The family very considerately made me eggs as I’m vegetarian. After the food, I took a nap in a hammock then headed back to town.

Yesterday, I went to Nguyen Hue walking street. Every year, people go there, admire the flower displays, take photos, people watch, dress up, see and be seen. It gets busier as the sun goes down and can start to feel uncomfortably overcrowded … and just try getting a taxi home.

This photo is from 2016 (Year of the Monkey) but it is so beautiful, I thought it was worth posting. Yes – I asked permission before taking the photo.

However, it is not all wine and roses; there is a downside to Tet. That the shops are closed all week is a minor inconvenience. It is a time of partying, of drinking and some people think nothing of getting on their motorbike and driving afterwards. Crossing the road is daunting anyway, but at Tet it can be suicidal. My first experience was in 2016. I was crossing a street in District 3, a busy, one-way street. Normally, pedestrians walk slowly and the bikes swerve behind or in front of them. Not this time. One driver swerved deliberately to hit me and I had to jump to avoid being struck. That same week, a friend of mine was knocked down by a drunken rider and left with severe bruising on her leg, and was unable to walk properly for weeks.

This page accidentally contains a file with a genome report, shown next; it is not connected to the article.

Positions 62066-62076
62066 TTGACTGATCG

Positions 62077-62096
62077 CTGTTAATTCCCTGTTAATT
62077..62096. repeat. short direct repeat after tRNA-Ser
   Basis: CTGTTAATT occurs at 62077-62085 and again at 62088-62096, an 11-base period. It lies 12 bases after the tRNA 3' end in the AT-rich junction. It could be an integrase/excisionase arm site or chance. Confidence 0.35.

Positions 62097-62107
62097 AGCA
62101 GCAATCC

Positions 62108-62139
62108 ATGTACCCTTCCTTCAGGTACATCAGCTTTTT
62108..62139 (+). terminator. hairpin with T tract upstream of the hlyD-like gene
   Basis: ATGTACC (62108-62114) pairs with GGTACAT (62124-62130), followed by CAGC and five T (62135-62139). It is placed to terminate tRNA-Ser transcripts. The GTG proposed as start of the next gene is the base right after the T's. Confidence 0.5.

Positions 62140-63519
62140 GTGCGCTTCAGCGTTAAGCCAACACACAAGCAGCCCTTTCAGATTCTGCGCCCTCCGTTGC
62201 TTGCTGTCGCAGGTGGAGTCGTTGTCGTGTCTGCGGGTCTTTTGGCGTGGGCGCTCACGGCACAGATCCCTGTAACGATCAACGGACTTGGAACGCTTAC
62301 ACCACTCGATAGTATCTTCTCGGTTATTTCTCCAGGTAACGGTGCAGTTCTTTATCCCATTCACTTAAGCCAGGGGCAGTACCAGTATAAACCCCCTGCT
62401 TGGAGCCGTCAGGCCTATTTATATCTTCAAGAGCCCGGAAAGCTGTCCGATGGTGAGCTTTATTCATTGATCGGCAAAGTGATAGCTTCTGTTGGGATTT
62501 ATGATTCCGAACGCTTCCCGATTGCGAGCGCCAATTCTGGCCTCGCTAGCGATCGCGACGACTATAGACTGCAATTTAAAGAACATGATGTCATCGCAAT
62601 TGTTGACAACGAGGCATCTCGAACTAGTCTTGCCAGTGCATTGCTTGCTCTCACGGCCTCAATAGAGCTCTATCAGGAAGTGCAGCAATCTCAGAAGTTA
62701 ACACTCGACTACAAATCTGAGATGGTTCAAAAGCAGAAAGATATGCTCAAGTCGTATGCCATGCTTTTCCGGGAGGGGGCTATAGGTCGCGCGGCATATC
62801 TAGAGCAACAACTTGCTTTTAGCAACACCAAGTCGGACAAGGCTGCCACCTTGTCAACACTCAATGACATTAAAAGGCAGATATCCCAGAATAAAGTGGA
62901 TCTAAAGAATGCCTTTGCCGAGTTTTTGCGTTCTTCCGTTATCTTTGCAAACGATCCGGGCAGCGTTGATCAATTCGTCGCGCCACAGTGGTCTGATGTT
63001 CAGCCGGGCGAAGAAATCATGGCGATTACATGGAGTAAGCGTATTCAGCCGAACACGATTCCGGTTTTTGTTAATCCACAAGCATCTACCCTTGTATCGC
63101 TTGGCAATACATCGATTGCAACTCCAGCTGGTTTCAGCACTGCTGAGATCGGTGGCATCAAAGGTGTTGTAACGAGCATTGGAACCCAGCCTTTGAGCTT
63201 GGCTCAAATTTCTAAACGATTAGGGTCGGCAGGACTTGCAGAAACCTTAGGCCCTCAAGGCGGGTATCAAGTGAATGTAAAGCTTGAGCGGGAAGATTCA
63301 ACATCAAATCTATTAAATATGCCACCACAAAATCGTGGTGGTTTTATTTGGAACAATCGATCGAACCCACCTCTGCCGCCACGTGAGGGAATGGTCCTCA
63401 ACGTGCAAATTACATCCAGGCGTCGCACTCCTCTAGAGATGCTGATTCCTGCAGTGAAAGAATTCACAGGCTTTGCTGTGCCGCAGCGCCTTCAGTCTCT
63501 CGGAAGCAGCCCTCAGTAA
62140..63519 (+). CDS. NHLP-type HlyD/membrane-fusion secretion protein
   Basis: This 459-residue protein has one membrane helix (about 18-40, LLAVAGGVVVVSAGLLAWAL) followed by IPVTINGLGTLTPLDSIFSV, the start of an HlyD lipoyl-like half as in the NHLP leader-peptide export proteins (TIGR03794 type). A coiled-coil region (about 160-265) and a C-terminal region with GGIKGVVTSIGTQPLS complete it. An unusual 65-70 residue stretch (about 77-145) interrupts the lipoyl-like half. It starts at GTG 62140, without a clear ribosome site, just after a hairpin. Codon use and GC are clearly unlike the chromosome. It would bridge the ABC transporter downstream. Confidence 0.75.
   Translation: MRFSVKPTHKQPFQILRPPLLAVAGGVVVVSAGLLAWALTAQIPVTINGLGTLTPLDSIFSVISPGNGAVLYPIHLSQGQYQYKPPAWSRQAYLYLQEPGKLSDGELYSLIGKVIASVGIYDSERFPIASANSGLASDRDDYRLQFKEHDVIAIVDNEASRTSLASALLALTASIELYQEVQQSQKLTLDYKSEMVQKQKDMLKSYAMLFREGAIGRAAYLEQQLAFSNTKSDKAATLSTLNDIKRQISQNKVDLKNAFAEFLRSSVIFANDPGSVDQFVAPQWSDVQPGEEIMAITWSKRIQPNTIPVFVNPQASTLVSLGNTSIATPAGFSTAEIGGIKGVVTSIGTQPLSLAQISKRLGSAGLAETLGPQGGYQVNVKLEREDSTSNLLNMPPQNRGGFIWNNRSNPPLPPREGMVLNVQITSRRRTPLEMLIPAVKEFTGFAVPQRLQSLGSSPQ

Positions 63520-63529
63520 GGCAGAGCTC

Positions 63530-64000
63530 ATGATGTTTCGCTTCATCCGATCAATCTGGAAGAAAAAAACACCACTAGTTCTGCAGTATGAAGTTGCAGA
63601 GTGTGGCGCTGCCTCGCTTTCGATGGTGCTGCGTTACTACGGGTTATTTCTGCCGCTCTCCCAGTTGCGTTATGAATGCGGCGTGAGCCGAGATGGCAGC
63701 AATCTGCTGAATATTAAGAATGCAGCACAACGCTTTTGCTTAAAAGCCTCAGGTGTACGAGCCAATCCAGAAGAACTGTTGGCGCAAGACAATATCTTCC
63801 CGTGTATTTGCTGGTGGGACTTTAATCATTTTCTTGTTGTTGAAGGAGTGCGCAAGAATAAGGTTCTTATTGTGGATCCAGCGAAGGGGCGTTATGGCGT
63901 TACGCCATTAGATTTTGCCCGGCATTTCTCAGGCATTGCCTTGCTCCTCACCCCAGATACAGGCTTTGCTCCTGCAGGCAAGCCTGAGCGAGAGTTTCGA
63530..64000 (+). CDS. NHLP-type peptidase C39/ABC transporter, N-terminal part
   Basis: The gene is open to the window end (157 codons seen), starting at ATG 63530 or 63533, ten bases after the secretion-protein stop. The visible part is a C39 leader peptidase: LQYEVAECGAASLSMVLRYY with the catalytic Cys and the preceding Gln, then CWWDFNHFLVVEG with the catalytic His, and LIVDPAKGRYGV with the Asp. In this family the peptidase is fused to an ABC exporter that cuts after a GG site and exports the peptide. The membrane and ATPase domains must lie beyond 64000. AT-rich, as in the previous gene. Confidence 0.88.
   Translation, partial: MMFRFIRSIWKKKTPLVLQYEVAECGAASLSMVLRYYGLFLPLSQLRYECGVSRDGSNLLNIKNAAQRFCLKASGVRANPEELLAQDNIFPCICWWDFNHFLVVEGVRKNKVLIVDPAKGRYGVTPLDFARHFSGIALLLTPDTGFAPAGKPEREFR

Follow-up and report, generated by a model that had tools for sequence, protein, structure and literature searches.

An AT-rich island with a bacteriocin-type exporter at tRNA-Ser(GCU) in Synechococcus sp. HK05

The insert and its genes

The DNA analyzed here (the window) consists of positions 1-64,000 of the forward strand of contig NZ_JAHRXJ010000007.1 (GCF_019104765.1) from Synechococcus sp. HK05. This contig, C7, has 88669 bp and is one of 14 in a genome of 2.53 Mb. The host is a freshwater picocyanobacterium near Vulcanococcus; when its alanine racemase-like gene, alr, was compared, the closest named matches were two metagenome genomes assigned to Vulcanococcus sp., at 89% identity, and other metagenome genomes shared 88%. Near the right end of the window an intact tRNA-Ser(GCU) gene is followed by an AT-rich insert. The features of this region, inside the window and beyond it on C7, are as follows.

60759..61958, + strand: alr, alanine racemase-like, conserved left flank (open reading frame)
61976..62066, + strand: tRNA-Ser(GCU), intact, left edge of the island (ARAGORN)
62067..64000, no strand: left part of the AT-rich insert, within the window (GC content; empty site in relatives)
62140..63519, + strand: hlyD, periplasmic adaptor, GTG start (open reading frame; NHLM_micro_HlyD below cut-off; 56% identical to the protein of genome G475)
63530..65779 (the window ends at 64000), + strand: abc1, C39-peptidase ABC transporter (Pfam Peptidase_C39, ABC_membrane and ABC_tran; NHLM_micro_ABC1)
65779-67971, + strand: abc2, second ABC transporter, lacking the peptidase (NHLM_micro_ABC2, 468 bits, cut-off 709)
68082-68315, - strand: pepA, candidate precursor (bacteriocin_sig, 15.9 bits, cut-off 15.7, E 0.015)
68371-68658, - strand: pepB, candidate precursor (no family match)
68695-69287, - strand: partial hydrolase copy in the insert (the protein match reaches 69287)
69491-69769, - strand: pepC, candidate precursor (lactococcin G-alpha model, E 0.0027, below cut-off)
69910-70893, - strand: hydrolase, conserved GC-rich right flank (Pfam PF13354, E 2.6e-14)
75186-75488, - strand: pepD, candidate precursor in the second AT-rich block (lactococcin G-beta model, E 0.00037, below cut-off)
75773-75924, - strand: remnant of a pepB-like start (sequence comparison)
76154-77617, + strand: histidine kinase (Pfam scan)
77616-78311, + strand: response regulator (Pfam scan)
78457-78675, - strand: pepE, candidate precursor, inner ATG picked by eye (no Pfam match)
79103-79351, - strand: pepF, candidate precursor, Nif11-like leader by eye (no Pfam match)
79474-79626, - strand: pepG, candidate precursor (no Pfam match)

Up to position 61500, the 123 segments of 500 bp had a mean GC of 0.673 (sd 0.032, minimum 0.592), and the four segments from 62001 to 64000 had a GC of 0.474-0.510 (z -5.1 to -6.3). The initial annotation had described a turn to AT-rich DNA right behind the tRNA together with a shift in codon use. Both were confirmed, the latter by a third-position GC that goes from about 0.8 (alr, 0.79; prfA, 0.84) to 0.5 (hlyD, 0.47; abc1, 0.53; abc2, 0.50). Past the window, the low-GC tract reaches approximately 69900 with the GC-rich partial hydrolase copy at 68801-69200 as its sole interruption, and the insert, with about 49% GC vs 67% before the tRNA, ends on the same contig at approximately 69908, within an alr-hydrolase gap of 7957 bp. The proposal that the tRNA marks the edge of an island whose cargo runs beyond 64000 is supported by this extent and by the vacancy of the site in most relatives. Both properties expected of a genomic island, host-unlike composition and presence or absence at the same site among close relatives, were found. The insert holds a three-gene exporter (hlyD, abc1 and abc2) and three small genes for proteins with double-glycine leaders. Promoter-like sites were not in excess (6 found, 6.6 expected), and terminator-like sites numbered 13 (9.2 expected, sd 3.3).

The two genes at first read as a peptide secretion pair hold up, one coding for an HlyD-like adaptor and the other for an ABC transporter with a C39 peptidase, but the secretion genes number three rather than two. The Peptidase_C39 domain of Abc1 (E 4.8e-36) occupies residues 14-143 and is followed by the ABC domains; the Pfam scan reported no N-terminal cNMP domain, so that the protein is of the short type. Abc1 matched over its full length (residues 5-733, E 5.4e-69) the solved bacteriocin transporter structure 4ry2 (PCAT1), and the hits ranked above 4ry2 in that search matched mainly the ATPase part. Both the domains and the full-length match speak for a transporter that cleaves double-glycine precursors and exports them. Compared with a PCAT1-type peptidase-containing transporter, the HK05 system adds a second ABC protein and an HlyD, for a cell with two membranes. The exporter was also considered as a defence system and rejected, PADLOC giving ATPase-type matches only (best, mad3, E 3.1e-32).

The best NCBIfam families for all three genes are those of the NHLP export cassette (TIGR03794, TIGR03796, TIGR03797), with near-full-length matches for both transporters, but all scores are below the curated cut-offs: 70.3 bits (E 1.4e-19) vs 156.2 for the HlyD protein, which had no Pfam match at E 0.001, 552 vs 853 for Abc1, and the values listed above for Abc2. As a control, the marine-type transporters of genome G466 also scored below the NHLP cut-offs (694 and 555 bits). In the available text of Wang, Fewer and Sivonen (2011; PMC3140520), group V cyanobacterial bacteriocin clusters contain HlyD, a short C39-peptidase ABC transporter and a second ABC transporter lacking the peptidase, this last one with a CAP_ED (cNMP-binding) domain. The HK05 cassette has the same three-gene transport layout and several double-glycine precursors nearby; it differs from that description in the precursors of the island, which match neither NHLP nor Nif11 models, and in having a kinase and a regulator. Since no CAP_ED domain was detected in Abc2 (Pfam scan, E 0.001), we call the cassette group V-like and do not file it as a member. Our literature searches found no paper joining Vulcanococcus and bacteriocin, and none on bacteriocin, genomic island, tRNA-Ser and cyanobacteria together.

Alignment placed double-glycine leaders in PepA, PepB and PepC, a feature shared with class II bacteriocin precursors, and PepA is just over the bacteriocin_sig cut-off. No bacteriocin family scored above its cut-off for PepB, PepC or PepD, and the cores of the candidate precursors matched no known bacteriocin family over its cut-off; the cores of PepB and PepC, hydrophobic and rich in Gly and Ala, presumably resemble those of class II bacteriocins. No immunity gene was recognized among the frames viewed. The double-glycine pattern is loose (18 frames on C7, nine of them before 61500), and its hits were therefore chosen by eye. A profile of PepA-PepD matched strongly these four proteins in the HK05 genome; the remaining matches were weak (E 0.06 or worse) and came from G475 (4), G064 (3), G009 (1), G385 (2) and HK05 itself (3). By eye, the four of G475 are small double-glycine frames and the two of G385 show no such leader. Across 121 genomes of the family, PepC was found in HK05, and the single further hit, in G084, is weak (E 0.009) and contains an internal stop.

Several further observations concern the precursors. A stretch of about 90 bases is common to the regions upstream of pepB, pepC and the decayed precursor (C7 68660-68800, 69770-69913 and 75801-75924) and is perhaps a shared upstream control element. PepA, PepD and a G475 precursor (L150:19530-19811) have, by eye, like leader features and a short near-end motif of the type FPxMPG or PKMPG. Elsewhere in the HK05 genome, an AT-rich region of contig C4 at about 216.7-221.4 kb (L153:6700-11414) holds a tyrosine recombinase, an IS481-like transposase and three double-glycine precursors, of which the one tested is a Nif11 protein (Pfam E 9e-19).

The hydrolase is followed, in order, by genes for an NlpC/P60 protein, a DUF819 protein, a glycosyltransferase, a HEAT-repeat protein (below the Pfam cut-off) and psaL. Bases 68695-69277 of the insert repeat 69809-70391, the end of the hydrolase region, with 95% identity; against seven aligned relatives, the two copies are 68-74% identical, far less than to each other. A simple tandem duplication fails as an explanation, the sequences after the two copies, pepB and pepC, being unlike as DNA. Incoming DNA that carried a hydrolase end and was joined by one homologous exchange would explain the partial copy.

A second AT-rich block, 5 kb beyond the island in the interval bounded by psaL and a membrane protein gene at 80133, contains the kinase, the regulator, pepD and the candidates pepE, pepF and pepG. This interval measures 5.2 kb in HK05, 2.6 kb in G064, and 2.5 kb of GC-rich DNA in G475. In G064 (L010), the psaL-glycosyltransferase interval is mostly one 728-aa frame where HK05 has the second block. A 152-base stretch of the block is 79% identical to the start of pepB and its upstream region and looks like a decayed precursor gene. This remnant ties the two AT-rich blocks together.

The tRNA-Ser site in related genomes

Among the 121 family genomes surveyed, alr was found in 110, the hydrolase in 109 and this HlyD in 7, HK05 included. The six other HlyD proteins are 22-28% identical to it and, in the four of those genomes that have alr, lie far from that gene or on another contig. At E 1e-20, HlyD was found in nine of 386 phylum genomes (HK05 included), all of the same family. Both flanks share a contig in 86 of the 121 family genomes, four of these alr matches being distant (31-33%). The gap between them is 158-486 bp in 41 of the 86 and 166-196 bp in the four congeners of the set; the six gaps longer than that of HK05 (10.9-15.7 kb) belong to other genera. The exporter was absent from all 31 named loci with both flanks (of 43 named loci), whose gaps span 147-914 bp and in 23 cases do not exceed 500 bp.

Then we have the noise. My area is a nightmarish aural atrocity city, wedding parties and open – air karaoke prevalent seemingly all the time.

My Tet began last Saturday – no school, no need to get up at 05.50 BUT … at 06.45 the loud speakers on the street started blaring out a Vietnamese folk song which merged into the monotonous metallic muffled mumblings of the news filtered through loud-speakers and I do mean ‘loud’.

And then the karaoke began, the jolly old karaoke.

Some people in my area seem to think they are responsible for entertaining everyone by cranking up their wretched, impossibly loud, sound system, not to a ‘Spinal Tap’ 11 but to a stadium-filling 111. The … ‘singing’ then begins. Imagine the most obnoxious person you know, the big mouth, the narcissistic know-all. Imagine said person drunk and then given a microphone … welcome to my life. Karaoke isn’t a sprint … it’s a marathon, an all-dayer. One would think that after some hours the novelty would wear off, or at least the vocal chords would give out. Not a chance. The screaming and screeching continues ad nauseam.

I appreciate it’s a holiday and a chance for music and celebration but having to listen to moronic moaning is excruciating. One can forget watching a quiet film or reading a book. Studying Wittgenstein ? Good luck … it ain’t gonna happen.

Crime also rises during this period. I’ve been informed that because many leave to city (to return to their family home) swarms of undesirables come to the city and commit petty theft. Nguyen Hue is a major attraction and therefore a major pick-pocket hotspot. And some of the thieves are terrible – I had a young lady put her hand in my pocket with all the grace and delicacy of a raging hippo. I told a policeman or security guard and he merely nodded. Maybe they were under surveillance … maybe.

Like a lot of holidays, it does tend to drag on too long. However, next week, I’m off to Bangkok to meet up with an old friend, eat some scorching curries and to enjoy a week of traffic lights and road safety. And NO karaoke.